Novels, biographies and poems: The five winners in the Whitbread Awards

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Novel

The Moor's Last Sigh

by Salman Rushdie

Author's biography: Celebrated prize-winner. Still living under an Iranian fatwa issued in 1989

Plot: The fall from grace of a high-born crossbreed, Moraes Zogoiby, heir to a rich spice dynasty

Critics' view: "All that the reader might hope for is there: the beat and bounce of the writing, the pouring accumulation of the prose..." - Malcolm Bradbury

Judges' view: "An outstanding book in an excellent field"

Readability: Almost zero

First novel

Behind the Scenes at the Museum

by Kate Atkinson

Author's biography: Born in York in 1951; lives in Edinburgh with two daughters; former chambermaid and home help

Plot: Tale of Ruby Lennox, grudgingly conceived by Bunty, who really wants to be Vivien Leigh

Critics' view: "Without doubt one of the finest novels I have read for years" - Mary Loudon, The Times

Judges' view: "A wonderfully accessible, hugely readable and absorbing book"

Readability: Excellent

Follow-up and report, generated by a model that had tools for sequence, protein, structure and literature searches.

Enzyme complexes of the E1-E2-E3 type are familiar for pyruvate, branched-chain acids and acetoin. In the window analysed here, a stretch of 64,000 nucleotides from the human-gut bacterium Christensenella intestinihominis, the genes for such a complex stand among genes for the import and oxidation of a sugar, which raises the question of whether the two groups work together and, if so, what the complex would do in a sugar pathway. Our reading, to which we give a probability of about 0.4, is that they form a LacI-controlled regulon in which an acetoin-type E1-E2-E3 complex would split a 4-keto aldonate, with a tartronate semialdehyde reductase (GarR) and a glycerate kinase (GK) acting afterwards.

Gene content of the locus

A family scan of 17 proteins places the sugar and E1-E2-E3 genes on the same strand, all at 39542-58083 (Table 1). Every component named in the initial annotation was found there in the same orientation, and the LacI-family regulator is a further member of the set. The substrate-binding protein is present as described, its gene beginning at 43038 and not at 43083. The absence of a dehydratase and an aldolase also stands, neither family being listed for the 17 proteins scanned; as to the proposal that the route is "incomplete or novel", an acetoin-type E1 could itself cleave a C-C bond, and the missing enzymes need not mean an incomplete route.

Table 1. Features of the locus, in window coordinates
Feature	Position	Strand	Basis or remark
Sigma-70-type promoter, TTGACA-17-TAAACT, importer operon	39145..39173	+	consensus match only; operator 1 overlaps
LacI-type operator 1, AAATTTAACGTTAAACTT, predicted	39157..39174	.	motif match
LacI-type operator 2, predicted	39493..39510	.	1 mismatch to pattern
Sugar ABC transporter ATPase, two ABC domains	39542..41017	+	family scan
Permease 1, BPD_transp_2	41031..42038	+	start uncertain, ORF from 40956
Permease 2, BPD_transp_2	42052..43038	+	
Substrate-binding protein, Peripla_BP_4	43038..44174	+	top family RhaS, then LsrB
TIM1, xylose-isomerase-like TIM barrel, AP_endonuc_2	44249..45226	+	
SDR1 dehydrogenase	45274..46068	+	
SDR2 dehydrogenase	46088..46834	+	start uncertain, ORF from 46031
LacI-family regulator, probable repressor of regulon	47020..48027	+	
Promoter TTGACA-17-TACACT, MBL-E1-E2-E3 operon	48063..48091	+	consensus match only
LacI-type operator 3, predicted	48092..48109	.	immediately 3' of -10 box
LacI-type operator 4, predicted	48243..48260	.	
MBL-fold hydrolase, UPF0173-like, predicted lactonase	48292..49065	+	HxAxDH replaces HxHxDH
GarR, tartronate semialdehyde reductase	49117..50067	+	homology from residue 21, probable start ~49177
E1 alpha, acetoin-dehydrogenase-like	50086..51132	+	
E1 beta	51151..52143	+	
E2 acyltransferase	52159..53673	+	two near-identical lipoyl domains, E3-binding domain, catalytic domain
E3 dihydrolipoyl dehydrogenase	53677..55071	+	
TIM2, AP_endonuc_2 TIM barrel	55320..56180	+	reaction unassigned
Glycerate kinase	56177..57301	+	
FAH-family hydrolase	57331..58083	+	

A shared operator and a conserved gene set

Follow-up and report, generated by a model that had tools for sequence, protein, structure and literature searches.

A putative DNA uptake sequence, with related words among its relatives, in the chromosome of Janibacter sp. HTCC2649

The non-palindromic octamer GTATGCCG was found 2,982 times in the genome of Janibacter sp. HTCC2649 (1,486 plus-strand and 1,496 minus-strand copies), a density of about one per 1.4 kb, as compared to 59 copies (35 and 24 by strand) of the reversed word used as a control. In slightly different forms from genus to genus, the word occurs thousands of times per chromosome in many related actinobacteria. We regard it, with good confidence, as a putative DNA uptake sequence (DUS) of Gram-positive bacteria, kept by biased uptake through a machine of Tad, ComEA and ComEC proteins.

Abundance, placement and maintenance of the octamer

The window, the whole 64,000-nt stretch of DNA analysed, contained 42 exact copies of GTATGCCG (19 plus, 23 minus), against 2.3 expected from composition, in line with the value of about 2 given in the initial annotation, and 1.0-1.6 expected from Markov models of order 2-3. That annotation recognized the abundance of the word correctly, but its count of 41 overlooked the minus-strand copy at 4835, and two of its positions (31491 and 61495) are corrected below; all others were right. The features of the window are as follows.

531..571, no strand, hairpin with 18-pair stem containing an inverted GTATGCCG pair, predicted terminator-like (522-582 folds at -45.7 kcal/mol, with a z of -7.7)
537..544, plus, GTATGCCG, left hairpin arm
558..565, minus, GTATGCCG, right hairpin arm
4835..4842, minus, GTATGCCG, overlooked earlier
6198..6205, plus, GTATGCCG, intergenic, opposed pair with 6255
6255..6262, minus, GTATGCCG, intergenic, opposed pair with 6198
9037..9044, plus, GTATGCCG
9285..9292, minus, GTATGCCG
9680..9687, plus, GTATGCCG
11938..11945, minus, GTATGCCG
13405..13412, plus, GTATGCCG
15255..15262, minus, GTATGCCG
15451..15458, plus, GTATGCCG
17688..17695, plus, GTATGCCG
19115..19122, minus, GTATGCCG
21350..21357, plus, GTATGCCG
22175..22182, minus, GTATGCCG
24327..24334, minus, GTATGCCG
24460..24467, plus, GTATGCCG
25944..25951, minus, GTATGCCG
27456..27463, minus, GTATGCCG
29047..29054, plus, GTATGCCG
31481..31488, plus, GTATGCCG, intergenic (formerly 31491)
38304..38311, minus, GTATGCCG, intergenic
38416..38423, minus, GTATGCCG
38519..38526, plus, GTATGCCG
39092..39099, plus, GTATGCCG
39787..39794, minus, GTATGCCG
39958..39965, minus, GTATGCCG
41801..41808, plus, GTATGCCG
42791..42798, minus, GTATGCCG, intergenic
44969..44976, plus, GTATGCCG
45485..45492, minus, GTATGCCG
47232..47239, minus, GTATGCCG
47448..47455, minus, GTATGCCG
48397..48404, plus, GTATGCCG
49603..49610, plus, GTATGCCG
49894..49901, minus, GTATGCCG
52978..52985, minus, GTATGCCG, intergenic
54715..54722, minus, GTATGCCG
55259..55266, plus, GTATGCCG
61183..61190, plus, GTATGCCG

Children's novel

The Wreck of the Zanzibar

by Michael Morpurgo

Author's biography: Has written over 40 children's books; lives in Devon with his wife; runs the charity Farms For City Children, which allows 2,000 children a year to spend a week living and working on a farm

Plot: A storm brings an unexpected harvest ashore for Laura, who lives in the Scilly Isles in 1907

Critics' view: "Evocative, tender and truthful" - Susan Hill, Daily Telegraph

Judges' view: "Deeply moving and believable"

Readability: High, especially if adult

Biography

Gladstone

by Roy Jenkins

Author's biography: Former Home Secretary, Chancellor of the Exchequer and President of the EC. Now Leader of the Liberal Democrats in the Lords and Chancellor of Oxford University

Plot: Gladstone's life, including his self-flagellation and "rescue" of prostitutes

Critics' view: "Elegant and exuberant" - Sir Robin Day

Judges' view: "A great book about a great man"

Readability: Surprisingly good - pretty racy, too

Poetry

Gunpowder

by Bernard O'Donoghue

Author's biography: Born in Cullen, Co Cork, in 1945. Has published books on medieval literature, which he teaches at Oxford University

Plot: Episodes from the poet's upbringing

Critics' view: "It manifests not only a generous maturity but also an original style" - Elizabeth Jennings, Daily Telegraph

Judges' view: "Has a great sense of place and time and writes about complex themes in a very simple way"

Readability: High in places

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